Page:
He's `Mr.' bin Laden only in his obituary

August 25, 2002|By G. Jefferson Price III | G. Jefferson Price III,PERSPECTIVE EDITOR

About six years ago, this newspaper dropped the use of honorifics, such as Mr. And Mrs., in second references to people we were writing about.

There was much debate about the change and I confess that I was on the losing side. My feeling, like that of most opponents to the change, was simply that dropping the honorifics signaled another step in the decline of The Sun's once great and independent stature. Joining the trend of most newspapers in America by dropping courtesy titles seemed to reflect the accompanying trend of dumbing down and homogenization. I was disappointed.

Now I think I was wrong. I don't miss mister and missus. This occurred to me while I was reading a couple of publications that still do use honorifics and noticed that in second reference, Saddam Hussein, the butcher of Baghdad, is Mr. Hussein. Osama bin Laden, possibly the scariest man on earth, is Mr. bin Laden. Mister Bin Laden? Give me a break. Add him to Mr. Kadafi, Mr. Pinochet, Mr. Abu Nidal and so forth.

Actually, if the death of the great terrorist Abu Nidal had been reported on the obituary page rather than in the regular news section, Abu Nidal might have gotten a mister. The newspaper's rules on honorifics have always had exceptions. At The Sun, the honorifics are still used on the obituary page and the opinion pages - although not this opinion page; the two behind it.

Why the difference? Beats me.

I spent some time this week researching when and why The Sun did or didn't use honorifics. Newspapers pride themselves on clear, fair, logical reports and explanations of what's happening in the world, but the rules on honorifics seem always to have been confusing.

Fifty years ago, for example, The Sun and The Sunday Sun used Mr. and Mrs. and Miss in the news section if the person was in a local story, was a member of the clergy, was president of the United States, or was on the obituary page. So, Dean Acheson, who was secretary of state in 1950, didn't get a Mr., but Benjamin Griswold, of the local investment bank Alex. Brown and Sons, did. The mayor of Baltimore got a Mr., but not the mayor of Buffalo, unless, possibly, he was visiting Baltimore.

The Evening Sun - shut down by auslanders in 1995 - used Mr. and Mrs. only in local stories and later dropped them altogether.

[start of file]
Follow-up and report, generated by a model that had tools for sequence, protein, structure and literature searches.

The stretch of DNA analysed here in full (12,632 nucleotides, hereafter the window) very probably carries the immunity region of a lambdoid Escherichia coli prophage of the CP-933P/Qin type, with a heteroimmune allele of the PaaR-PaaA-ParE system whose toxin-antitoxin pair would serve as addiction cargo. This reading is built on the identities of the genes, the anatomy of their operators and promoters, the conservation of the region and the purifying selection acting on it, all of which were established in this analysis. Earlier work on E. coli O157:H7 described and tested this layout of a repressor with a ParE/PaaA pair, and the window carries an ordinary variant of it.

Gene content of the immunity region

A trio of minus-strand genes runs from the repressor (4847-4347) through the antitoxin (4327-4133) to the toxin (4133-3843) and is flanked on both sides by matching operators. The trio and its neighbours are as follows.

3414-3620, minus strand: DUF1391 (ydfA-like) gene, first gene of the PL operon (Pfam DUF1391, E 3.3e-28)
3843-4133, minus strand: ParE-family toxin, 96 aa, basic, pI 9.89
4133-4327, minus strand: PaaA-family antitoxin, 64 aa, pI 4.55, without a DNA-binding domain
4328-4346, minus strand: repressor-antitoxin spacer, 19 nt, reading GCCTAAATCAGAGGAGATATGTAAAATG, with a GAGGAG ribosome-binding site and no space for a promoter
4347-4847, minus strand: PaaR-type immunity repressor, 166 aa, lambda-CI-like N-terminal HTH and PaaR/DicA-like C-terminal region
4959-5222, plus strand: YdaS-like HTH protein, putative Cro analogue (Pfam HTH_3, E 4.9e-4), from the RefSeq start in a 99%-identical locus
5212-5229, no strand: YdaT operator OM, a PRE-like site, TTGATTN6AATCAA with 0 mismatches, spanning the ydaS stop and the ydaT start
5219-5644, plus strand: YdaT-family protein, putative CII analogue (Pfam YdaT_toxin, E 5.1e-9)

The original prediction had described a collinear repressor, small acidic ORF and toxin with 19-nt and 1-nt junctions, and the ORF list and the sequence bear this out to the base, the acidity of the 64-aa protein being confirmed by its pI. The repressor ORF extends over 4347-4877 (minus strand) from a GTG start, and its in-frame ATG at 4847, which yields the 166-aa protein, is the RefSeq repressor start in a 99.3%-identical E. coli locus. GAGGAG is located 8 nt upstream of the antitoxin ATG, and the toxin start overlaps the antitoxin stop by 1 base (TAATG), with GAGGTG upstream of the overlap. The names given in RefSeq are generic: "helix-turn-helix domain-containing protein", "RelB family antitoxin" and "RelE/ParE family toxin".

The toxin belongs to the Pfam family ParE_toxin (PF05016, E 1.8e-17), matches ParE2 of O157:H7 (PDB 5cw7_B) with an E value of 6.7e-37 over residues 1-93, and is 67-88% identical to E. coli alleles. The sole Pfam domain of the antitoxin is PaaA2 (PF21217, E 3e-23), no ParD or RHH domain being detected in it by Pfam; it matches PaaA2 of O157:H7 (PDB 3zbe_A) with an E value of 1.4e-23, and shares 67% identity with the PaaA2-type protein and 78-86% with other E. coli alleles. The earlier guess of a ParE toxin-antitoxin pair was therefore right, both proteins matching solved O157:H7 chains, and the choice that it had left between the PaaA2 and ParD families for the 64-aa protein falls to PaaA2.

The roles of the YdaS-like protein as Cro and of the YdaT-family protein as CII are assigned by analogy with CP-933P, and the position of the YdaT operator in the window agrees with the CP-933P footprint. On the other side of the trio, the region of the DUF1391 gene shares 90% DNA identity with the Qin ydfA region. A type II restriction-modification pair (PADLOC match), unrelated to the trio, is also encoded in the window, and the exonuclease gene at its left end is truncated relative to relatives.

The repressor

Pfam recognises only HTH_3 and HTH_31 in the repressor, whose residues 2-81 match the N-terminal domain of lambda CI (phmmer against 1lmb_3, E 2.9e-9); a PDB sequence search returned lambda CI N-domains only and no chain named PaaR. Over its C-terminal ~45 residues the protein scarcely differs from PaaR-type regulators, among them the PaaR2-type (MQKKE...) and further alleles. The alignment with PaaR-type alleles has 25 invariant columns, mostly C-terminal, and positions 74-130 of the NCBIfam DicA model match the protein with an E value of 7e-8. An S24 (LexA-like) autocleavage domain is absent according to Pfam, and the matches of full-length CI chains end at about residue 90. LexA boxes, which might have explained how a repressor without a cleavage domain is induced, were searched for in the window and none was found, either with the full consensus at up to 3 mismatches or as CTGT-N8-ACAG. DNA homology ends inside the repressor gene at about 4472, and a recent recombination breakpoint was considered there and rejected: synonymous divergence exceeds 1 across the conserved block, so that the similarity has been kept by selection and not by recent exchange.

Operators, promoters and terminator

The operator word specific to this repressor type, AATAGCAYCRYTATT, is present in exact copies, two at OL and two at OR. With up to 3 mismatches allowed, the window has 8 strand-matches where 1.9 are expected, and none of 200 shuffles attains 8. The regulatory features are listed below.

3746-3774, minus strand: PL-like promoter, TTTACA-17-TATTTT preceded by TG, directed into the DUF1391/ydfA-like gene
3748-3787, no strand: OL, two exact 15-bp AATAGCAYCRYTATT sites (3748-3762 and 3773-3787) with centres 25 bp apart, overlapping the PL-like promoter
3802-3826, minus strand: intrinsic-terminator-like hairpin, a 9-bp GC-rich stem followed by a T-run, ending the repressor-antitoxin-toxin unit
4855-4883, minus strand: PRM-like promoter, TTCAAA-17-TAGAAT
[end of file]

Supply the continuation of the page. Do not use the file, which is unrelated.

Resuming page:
Trying to get at some of the history of all this led me to the stylebooks of the newspaper, going back to 1929. The books are splendid reflections of their time. They were tiny in the beginning and seem to have grown bigger and bigger with each revision, just as the newspaper has shrunk. They provide some very humorous reading.

The 1929 book, which is only 16 pages, about 3 inches by 6 inches each, says nothing of honorifics, but recalls a story to go with the warning to be very careful not to omit the word not.

"The word not was omitted by one Baker, the King's printer in England in 1632, in printing the Seventh Commandment. He was fined 4,000 pounds on this account. Remember Baker."

The 1937 stylebook is illustrative of its time in history:

"Capitalize Reds, Whites, Black Shirts, Brown Shirts, Steel Helmets etc., when referring to European politics."

And this admonition about the perils of typographical errors, before Spellcheck:

"Be careful that you DO NOT by the omission or change of a letter in such words as the following, cause them to become coarse or offensive: SHIRT, SHOT, SHIFTING, SHIP, etc."

The 1958 revision of the stylebook is bigger and has a hard cover. It seems to have the first reference to honorifics and the use of Mr. and Mrs. in local stories, for clergymen and the president of the United States. But what about wanton women?

"Similarly Miss and Mrs. should be avoided after the first reference in naming women of obviously low repute. Use such phrases as the Smith girl or the Jones woman."

The Smith girl and the Jones woman might well have been working in an area also formally recognized in the 1958 stylebook: "In referring to that section of East Baltimore Street, use caps and no quotes: The Block."

The 1968 revision of the stylebook brought The Sun into line with The New York Times, using Mr. and Mrs. in all second references, except in the sports section. People convicted of serious crimes would lose their Mr., including in that period, a governor and two county executives. Former Gov. Marvin Mandel was a test, because he kept getting his Mr. back on appeal.

Paul A. Banker, managing editor of The Sun from 1966 to 1982, was the driving force behind the latest revisions and they stood pretty much intact until 1996.

The 1968 revision makes no reference to women of obviously low repute. This was, after all, the '60s, and a woman who would have been considered of low repute for burning her bra in public in the 1950s was the heroine of the 1960s. The big issue was adding Ms. as an honorific.

Honorifics were not the only items that changed over and over. The 1929, 1937 and 1958 books identify the capital of China as Peiping. The 1968 book identifies it as Peking; now it's Beijing.

One piece of advice in the 1937 stylebook has stood the test of time.

"Be especially careful when handling stories referring to The Sunpapers, its directors or anyone connected therewith."

It's not really The Sunpapers anymore, but it's still good advice.

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